Investigating Feedback for Two-Handed Exploration of Digital Maps Without Vision

2019.08 | Interact 2019


Digital Interactive Maps on touch surfaces are a convenient alternative to physical raised-line maps for users with visual impairments. To compensate for the absence of passive tactile information, they provide vibrotactile and auditory feedback. However, this feedback is ambiguous when using multiple fingers since users may not identify which finger triggered it. To address this issue, we explored the use of bilateral feedback, i.e. collocated with each hand, for two-handed map exploration. We first introduced a design space of feedback for two-handed interaction combining two dimensions: spatial location (unilateral vs. bilateral feedback) and similarity (same vs. different feedback). We implemented four techniques resulting from our design space, using one or two smartwatches worn on the wrist (unilateral vs. bilateral feedback respectively). A first study with fifteen blindfolded participants showed that bilateral feedback outperformed unilateral feedback and that feedback similarity has little influence on exploration performance. Then we did a second study with twelve users with visual impairments, which confirmed the advantage of two-handed vs. one-handed exploration, and of bilateral vs. unilateral feedback. The results also bring to light the impact of feedback on exploration strategies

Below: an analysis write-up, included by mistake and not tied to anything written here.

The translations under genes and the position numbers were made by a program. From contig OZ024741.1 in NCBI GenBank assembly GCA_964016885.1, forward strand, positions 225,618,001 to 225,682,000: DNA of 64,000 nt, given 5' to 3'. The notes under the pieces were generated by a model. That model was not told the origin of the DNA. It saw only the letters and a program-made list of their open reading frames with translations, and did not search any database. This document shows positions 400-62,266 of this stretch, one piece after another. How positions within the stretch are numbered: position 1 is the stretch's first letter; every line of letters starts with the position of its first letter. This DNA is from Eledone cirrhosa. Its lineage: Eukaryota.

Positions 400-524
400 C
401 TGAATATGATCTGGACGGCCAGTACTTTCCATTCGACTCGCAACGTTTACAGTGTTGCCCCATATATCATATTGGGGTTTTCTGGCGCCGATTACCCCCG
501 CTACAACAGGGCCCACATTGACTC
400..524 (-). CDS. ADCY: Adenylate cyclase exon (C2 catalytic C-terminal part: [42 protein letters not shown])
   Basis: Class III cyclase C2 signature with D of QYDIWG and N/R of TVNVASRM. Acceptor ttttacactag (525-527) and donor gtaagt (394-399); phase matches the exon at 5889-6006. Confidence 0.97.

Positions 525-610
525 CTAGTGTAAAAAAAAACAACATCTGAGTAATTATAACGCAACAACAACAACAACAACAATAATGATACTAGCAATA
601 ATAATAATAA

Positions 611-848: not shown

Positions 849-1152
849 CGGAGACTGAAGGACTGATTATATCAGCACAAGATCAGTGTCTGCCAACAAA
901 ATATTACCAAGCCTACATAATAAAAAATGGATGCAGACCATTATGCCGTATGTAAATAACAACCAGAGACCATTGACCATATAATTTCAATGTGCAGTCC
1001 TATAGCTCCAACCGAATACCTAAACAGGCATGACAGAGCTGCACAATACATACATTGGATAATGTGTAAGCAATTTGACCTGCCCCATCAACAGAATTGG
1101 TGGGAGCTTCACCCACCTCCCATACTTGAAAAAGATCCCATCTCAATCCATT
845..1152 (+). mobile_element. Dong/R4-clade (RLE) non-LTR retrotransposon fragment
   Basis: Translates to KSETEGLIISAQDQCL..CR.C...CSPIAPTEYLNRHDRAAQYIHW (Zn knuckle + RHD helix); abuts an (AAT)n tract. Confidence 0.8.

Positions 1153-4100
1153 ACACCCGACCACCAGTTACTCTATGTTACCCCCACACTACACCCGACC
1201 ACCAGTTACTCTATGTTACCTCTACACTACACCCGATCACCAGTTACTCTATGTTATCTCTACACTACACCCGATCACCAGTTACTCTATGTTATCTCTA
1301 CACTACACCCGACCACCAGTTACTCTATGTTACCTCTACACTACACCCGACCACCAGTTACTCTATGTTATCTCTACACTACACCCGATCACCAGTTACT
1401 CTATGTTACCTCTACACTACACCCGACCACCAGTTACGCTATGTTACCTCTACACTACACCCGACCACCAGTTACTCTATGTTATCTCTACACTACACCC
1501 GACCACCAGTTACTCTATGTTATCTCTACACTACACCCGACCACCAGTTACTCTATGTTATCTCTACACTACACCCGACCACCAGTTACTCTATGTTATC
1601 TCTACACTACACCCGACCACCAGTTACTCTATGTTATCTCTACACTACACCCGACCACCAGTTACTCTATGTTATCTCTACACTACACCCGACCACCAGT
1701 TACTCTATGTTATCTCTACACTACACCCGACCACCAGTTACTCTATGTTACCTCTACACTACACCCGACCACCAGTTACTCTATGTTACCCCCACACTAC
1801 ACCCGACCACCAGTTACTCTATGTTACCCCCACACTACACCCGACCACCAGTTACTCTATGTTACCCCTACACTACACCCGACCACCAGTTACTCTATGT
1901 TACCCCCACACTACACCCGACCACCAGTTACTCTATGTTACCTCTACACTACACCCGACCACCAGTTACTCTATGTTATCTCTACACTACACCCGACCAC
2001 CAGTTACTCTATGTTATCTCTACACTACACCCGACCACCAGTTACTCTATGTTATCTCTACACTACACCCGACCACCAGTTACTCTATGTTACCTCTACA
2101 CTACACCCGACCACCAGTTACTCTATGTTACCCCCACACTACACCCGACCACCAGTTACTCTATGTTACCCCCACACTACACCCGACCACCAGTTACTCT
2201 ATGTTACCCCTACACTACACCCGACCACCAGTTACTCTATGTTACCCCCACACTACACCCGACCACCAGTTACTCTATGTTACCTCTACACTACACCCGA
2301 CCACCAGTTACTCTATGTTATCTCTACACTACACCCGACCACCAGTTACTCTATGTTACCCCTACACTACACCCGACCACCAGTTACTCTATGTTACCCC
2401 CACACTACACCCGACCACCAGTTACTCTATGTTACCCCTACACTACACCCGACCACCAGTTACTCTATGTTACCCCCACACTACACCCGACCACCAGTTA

users with visual impairment, accessibility Wearable devices, smartwatches, multimodal feedback, map exploration


INTERACT 2019: Human-Computer Interaction

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Project Info



Sandra Bardot, Marcos Serrano, Simon Perrault, Shengdong Zhao, and Christophe Jouffrais